The World Bank has an on-line report available entitled “Doing Business in Mexico“. The study was published in December of 2005.
“Cosponsored by COFEMER, USAID, and the World Bank Group, Doing Business in Mexico is the ﬁrst state-level report of the Doing Business series in Latin America. This report investigates the scope and manner of regulations that enhance business activity and those that constrain it.
The report covers the following thirteen Mexican cities and four areas of regulation: Starting a business, Registering property, obtaining credit and enforcing a contract.”
“When compared, Mexico City and the 12 other cities differ dramatically on the four indicators the report measures. “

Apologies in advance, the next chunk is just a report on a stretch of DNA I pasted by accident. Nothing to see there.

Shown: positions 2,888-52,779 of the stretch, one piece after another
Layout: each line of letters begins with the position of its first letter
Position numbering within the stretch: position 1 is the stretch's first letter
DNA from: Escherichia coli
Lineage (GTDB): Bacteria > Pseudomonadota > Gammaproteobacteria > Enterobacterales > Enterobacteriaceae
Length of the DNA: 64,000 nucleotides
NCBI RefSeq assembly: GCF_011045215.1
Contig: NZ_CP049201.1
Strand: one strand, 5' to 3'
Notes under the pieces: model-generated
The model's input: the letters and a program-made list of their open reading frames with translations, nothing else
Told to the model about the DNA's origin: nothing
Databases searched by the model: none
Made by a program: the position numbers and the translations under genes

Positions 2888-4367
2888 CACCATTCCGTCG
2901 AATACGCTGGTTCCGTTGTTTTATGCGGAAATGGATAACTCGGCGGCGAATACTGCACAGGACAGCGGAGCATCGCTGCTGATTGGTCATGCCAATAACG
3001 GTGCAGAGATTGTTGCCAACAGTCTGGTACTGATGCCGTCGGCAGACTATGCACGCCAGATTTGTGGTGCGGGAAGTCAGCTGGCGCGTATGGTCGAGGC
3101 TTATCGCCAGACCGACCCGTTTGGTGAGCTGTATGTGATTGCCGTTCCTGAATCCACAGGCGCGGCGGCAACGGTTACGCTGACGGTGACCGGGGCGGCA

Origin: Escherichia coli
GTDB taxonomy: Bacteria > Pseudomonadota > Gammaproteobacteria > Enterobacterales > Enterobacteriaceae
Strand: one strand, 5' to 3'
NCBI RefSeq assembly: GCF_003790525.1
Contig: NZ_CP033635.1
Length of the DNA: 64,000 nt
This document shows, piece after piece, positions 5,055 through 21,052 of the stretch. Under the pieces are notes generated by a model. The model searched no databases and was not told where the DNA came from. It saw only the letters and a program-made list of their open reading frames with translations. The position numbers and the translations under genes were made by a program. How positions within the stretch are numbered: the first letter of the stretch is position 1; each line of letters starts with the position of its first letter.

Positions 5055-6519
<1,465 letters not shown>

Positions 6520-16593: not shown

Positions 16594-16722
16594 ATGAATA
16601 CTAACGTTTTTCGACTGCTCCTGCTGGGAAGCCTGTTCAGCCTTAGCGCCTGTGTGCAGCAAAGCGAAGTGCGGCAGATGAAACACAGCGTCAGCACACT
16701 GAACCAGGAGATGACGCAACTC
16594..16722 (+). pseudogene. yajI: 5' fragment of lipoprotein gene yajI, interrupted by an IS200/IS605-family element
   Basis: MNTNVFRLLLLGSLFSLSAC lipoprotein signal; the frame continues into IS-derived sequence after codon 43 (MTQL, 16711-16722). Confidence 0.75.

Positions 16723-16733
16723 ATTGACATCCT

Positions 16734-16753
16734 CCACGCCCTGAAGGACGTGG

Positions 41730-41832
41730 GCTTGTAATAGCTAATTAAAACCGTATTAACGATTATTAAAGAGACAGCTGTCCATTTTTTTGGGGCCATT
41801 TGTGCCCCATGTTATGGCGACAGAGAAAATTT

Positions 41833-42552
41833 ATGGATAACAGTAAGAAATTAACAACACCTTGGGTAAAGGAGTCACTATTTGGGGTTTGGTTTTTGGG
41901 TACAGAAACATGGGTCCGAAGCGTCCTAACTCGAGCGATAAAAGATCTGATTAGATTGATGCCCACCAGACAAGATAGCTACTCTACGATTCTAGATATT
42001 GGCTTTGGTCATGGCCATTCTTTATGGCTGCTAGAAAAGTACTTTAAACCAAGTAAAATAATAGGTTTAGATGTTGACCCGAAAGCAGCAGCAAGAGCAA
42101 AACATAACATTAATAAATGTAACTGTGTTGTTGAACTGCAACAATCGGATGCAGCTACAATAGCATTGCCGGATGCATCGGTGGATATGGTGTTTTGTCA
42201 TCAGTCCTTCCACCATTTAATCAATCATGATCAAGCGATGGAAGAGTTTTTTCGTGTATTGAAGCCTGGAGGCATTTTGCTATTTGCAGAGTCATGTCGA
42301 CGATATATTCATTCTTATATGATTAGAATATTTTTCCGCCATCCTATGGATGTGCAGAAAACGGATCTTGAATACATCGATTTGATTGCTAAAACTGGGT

The cities and regulations analyzed include: Aguascalientes, Celaya, Ciudad Juarez, Guadalajara, Monterrey, Veracruz, Merida, San Luis Potosi, Torreon, Mexico City, Tlalnepantla, Puebla, and Queretaro.
Of special note is the following comment. “The report concludes that reform is sorely needed. Much of the opportunity for improvement is in local administrative procedures, which can be changed by a governor or a mayor.”
This is very important. A governor or local mayor can make an important difference on the ease of setting up and doing business in Mexico. Seek out those states and cities with pro-active leadership. Find those areas that are investing heavily in infrastructure or have a dynamic policy focused on foreign investment and economic development.